Homemade Hot Sauce and YBR

I have a love hate relationship with my grocery store. I love it because I have no car and the store is literally across the street from me. I hate it because often I cannot find sometimes basic items and the produce sucks. What I hate most about the produce is that you often have to buy a package. Hence I got stuck with a lot of jalapenos. Love them, just don’t use them that much.

I found a great jalapeno preserve recipe which I submitted as my November entry of the IIP Salt theme. But I still had about 6 jalapenos left. What to do, google of course. I fell on a site dedicated to jalapenos and settled on a homemade Hot Sauce. I really enjoy trying out recipes where you make a basic ingredient that you normally use in cooking. You have to try this, the taste is so much more fresh and potent than the store bought stuff!

Ingredients

  • 6 jalapeno peppers, sliced
  • 1 cloves garlic, minced
  • 1/3 cup white onion, minced
  • 1/2 teaspoon olive oil
  • 1/2 teaspoon salt
  • 2/3 cup water
  • 1/3 cup distilled white vinegar

Cooking Directions

  1. In a medium sauce, combine oil, jalapeno peppers, garlic, onion and salt.
  2. Cook 4 minutes over high heat.
  3. Add water and cook 20 minutes, stirring often.
  4. Remove from heat and allow to cool to room temperature.
  5. Transfer to a food processor and puree until smooth.
  6. Slowly add in vinegar while processing.
  7. Pour into a sterilized jar with a tight lid.

Makes 1 cup and lasts up to 3 months refrigerated.

NOTE: Be sure to make this recipe in a well ventilated room. The fumes can be quite strong. Enjoy!

Now have you heard of YBR yet? No? Well it is a great round-up idea that Spicie Foodie came up with. Every month participants submit what ever recipe on the blog they liked the best for that current month. It’s a nice way to find the best of the best! Check out November’s YBR now and see which recipe of mine I chose.

IIP: Salt Preserved Jalapeno

It’s International Incident Party time again and this month the theme is SALT. Now we have a love hate relationship with salt in our modern society. We are told salt is bad…yet without salt we would not be alive. Salt was one of the few methods of food preservation before the invention of the “ice box”. Salt was so rare and expensive it was used for trades, salt created empires and unleashed wars. Funny how the precious can become so common over time.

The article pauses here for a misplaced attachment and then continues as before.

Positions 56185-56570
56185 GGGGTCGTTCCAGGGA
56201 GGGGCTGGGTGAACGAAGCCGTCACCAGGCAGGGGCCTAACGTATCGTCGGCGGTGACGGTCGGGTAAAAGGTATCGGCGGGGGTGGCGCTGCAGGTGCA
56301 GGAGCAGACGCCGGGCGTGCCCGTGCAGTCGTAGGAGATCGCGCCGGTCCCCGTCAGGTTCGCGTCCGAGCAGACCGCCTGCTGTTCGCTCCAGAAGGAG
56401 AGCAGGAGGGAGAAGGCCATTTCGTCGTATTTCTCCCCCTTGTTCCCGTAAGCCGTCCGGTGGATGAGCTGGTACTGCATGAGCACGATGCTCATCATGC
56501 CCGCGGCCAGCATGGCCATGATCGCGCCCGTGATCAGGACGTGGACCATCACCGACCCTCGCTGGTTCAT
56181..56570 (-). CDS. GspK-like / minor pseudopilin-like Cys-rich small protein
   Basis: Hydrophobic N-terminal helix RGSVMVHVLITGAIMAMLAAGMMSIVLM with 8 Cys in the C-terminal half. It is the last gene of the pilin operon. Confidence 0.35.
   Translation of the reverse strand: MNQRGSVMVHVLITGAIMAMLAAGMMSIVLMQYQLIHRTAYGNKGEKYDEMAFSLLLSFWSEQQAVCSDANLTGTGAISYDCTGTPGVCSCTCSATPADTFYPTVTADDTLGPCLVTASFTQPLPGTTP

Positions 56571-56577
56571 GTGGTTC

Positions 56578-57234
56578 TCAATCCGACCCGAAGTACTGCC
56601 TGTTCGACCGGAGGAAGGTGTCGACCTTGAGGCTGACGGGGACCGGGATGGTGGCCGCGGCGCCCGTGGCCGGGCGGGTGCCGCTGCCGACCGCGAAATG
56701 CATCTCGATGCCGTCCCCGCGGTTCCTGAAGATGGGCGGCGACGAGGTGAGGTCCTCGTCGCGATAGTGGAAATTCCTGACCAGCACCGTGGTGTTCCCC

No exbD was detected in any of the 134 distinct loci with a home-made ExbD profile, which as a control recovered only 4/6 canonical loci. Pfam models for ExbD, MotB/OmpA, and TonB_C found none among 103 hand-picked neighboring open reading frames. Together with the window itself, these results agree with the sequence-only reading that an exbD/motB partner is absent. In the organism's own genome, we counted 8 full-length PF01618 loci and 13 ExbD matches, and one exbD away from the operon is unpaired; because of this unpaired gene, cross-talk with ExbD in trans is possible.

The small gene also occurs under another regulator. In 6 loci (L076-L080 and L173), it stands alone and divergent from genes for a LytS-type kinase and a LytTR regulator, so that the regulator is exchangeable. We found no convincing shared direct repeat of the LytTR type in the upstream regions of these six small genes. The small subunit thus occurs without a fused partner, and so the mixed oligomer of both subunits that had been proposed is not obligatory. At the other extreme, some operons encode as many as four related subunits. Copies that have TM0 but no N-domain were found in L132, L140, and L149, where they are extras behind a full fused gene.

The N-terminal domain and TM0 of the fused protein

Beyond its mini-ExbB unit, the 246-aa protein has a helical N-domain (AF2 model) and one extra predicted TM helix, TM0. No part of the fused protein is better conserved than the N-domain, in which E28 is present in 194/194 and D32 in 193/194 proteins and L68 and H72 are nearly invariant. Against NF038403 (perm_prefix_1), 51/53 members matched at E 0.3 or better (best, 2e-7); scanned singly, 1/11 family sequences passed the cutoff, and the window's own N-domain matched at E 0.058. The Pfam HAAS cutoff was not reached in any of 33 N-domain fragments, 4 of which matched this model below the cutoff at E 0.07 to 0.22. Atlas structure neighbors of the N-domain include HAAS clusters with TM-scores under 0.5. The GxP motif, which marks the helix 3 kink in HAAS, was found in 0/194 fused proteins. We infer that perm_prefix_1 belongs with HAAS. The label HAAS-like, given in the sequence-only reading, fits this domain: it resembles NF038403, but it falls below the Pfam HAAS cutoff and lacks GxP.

If you are a regular reader then you know right now I am kitchen challenged i.e. it has been demolished and being rebuilt s-l-o-w-l-y. So I needed something very basic, easy, requiring a minimum of space and equipment to prepare. I had a large amount of jalapeno peppers that I was not going to get through before they went bad so I found a few leads on how to preserve them in salt. PERFECT!

But before we get to the recipe, I got curious and I rounded up all the salts I owned to see if I had a lot. These are the ones I located. Yikes! I have Kosher salt, garlic salt, black lava salt, tea smoked salt, salt with espelette chili, black sea salt, hickory smoked salt, fleur de sel and baking soda. Yes baking soda is a salt technically…from sodium jut not the common table one.

On the right is a book I just bought, Salt, which discusses salt throughout history. Of course first I have to finish about 500 page of my current 1000 page book,Pillars of the Earth. Phew.

Salt Preserved Jalapeno

enough fresh jalapeno (or any chili pepper you have) to fill your jar
coarse salt
opt: a sweet pepper for color contrast

  1. Wash and drain peppers then cut into thin slices or pieces, seeds included.
  2. In a sterilize glass jar drop in the bottom 1 tbsp of salt.
  3. Add a layer of jalapeno and sweet pepper if used.
  4. Repeat steps 2 and 3 until you reach the top of the jar. Close lid tight.
  5. Leave in a cool place for a couple of weeks before using, then store in the refrigerator once opened.

TIP: Use a pair of disposable medical gloves when slicing to protect yourself from burning your hands. You can usually get just a couple of pairs in the hair dye section of the drugstore.

Super easy and quick, perfect for me right now. Oh and this would make a perfect holiday gift for a friend with a spicy pallet! Use any chili pepper you like, mix em up or add some herbs too.

International Incident Salt Party

Daring Bakers: Not so Petit Four

The August 2010 Daring Bakers’ challenge was hosted by Elissa of 17 and Baking. For the first time, The Daring Bakers partnered with Sugar High Fridays for a co-event and Elissa was the gracious hostess of both. Using the theme of beurre noisette, or browned butter, Elissa chose to challenge Daring Bakers to make a pound cake to be used in either a Baked Alaska or an Ice Cream Petit Fours. The sources for Elissa’s challenge were Gourmet magazine and David Lebovitz’s “The Perfect Scoop”.